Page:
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ERIC Number: ED205461
Record Type: Non-Journal
Publication Date: 1980
Pages: 620
Abstractor: N/A
Reference Count: N/A
How Can the Interests of United States Consumers Best Be Protected? National Debate Topic for High Schools, 1980-1981. Senate, Ninety-Sixth Congress, Second Session. High Schools, 1980-1981.
Library of Congress, Washington, DC. Congressional Research Service.
This publication contains background readings on consumer affairs for students who are going to participate in the 1980-1981 national high school debate. The debate topic selected by the National Federation of State High School Associations is consumer protection. The three debate propositions are that the federal government should 1) initiate and enforce safety guarantees on consumer goods; 2) establish uniform standards for the regulation of commerical advertising; and 3) establish uniform standards for testing and marketing all products with potentially carcinogenic effects on humans. The first group of articles attempts to cover the area of consumer protection in general from a broad perspective giving historical information as well as addressing current issues. The next three sections contain background materials and essays on each of the debate positions. The articles included in each group begin with those dealing with the subject in general and then move on to those with a more specific focus. Those articles which deal with a pro and con aspect of an issue are grouped together so the reader can readily consider both sides of an issue. The compilers caution that, while the selections were chosen to reflect an overall balance on the debate topic any specific entry may represent a single point of view. Additional resources are listed. (Author/RM)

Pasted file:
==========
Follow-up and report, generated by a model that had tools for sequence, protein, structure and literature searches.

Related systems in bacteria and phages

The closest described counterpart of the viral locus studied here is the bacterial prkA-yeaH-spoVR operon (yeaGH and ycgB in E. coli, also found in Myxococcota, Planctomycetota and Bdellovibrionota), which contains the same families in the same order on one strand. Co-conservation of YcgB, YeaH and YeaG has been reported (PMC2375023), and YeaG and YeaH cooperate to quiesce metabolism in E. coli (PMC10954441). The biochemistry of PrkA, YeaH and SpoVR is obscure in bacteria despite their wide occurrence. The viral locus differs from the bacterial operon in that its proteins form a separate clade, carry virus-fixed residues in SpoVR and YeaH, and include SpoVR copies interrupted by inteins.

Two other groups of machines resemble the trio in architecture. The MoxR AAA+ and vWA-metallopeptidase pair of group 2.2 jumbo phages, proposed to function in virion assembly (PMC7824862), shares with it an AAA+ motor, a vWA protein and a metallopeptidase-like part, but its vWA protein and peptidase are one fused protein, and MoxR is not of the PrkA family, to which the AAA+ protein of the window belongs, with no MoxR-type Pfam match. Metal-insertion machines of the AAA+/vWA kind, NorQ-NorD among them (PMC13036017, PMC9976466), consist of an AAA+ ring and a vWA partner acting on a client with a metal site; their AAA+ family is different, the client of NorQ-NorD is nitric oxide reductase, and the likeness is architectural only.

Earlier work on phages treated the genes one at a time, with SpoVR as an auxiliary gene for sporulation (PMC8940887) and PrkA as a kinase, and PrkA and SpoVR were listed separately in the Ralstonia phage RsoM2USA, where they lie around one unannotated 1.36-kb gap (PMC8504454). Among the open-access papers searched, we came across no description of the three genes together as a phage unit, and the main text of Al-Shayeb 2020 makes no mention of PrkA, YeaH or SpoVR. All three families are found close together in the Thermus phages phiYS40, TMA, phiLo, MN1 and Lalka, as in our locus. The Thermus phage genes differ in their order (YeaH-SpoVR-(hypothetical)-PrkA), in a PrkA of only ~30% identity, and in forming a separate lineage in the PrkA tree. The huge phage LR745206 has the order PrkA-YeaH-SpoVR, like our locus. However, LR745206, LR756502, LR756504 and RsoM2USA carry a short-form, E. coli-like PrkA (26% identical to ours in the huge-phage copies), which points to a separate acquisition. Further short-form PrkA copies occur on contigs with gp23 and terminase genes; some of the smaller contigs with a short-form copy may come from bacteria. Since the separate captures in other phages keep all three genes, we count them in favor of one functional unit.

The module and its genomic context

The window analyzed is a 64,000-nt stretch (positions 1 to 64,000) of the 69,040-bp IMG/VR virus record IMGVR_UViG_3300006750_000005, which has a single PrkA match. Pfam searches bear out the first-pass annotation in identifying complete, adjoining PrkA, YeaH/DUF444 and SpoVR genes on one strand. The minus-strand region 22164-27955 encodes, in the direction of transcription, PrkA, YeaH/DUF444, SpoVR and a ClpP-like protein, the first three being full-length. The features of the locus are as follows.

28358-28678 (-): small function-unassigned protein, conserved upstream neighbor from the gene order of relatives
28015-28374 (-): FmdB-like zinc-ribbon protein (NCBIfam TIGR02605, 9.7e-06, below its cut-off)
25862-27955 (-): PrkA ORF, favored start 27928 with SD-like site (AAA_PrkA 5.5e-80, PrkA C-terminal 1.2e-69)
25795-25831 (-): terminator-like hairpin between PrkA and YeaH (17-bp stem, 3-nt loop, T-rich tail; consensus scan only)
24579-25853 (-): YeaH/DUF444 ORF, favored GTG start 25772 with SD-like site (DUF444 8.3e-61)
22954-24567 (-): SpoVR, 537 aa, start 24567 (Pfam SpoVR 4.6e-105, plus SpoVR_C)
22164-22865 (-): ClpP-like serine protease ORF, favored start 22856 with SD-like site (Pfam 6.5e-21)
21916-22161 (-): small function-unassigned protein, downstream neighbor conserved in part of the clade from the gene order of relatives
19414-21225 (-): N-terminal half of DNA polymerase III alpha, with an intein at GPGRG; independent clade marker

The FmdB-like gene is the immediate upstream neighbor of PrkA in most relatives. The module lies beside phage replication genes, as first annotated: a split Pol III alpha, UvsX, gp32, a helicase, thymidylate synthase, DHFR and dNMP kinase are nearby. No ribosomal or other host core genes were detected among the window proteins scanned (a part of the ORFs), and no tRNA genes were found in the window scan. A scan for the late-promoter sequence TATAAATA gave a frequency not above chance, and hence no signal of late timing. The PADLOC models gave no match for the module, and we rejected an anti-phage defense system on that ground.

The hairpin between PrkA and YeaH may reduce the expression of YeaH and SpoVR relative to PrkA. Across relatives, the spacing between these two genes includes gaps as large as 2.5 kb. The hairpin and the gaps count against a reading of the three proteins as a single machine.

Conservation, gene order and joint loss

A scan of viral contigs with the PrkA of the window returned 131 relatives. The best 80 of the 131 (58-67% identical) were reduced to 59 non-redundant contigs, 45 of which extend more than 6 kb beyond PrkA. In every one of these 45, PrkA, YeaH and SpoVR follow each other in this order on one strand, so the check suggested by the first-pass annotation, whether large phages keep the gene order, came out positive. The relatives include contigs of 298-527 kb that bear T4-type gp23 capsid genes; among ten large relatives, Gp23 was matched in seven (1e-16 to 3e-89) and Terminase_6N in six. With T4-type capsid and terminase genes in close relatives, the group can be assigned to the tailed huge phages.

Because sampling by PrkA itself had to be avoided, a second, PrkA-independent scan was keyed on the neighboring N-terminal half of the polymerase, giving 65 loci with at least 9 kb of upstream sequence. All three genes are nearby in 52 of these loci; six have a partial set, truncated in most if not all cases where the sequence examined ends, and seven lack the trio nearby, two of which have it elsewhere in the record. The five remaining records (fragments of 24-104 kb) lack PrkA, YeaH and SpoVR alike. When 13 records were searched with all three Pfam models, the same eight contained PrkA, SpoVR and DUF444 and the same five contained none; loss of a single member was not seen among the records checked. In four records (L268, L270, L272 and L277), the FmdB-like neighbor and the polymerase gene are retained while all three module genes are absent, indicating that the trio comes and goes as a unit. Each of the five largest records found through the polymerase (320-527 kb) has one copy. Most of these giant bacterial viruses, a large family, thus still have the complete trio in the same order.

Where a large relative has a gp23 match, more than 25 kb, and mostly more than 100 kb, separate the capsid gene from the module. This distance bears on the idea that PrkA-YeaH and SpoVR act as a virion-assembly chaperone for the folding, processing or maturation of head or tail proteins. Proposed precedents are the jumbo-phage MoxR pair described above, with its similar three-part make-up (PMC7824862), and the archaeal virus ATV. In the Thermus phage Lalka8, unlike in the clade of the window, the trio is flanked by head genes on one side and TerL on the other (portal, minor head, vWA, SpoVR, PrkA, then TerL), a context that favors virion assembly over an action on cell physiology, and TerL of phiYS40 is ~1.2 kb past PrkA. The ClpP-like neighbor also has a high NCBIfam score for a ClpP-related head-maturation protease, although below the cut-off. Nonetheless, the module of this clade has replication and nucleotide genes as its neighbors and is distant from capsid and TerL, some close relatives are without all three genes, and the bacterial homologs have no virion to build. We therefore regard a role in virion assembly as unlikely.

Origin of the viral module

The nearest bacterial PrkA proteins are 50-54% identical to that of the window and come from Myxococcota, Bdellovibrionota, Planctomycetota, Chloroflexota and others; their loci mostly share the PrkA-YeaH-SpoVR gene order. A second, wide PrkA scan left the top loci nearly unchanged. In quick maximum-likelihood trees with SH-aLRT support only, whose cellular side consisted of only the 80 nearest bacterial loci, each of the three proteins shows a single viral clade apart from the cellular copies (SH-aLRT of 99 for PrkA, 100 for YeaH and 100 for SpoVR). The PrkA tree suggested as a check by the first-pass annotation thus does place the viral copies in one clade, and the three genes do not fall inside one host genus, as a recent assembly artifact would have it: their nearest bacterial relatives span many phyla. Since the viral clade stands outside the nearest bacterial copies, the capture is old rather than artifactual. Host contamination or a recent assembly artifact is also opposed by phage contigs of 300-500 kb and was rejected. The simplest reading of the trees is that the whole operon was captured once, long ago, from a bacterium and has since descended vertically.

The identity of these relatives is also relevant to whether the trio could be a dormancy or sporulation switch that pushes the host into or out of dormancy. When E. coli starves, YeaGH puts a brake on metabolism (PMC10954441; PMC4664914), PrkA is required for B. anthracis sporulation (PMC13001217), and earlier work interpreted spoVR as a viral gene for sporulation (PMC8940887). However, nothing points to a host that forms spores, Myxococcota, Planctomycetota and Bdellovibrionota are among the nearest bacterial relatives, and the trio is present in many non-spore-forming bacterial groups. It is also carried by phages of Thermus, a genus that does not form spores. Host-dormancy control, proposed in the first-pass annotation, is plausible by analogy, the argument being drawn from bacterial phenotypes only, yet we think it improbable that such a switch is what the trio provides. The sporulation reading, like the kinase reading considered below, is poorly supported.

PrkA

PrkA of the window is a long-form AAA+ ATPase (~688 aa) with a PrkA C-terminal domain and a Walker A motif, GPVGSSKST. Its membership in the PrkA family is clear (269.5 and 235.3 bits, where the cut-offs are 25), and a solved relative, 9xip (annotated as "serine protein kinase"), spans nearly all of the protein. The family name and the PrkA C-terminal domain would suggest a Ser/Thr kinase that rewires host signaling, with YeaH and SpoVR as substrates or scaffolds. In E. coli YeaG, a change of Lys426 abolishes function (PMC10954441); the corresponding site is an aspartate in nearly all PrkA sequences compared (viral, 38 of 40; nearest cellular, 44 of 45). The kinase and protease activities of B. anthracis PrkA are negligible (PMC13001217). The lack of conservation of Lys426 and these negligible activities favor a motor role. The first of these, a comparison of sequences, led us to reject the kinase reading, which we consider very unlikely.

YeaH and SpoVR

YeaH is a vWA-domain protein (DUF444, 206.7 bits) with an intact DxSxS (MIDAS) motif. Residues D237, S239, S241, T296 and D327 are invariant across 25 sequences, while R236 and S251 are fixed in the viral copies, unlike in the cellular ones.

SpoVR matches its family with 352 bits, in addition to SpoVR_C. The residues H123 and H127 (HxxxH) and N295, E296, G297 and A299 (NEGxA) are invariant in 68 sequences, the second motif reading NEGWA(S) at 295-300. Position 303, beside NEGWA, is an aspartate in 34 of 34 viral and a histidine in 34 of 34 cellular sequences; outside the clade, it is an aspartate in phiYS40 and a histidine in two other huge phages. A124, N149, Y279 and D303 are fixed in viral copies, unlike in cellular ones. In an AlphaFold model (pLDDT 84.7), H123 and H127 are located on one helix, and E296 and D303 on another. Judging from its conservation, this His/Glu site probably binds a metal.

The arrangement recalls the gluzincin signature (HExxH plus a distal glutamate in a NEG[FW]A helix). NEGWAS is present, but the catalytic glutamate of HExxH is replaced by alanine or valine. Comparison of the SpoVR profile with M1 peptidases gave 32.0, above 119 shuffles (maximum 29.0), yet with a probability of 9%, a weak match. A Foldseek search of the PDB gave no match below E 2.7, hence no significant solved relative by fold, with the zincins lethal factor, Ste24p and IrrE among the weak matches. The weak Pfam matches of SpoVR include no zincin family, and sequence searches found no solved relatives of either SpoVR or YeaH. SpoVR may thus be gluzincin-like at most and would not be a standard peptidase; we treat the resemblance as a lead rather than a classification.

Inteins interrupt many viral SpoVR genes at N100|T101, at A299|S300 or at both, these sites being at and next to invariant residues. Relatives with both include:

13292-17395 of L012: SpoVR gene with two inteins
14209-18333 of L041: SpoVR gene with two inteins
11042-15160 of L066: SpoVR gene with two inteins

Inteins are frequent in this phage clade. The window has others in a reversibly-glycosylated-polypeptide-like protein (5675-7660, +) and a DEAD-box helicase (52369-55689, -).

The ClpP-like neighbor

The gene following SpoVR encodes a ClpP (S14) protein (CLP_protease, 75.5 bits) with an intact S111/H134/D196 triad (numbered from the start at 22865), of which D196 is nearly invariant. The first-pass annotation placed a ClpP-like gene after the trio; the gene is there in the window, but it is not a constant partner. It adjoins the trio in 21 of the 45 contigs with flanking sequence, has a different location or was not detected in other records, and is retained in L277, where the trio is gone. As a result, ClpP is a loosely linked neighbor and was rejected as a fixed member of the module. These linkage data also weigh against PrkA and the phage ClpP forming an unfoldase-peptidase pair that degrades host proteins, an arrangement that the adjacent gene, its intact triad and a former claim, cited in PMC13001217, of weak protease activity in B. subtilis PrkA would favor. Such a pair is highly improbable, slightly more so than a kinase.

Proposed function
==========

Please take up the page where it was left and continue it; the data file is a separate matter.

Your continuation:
Superintendent of Documents, U.S. Government Printing Office, Washington, DC 20402 ($8.50, Stock No. 052-071-00614-1).
Publication Type: Guides - Classroom - Learner; Opinion Papers; Books
Education Level: N/A
Audience: N/A
Language: English
Sponsor: N/A
Authoring Institution: Library of Congress, Washington, DC. Congressional Research Service.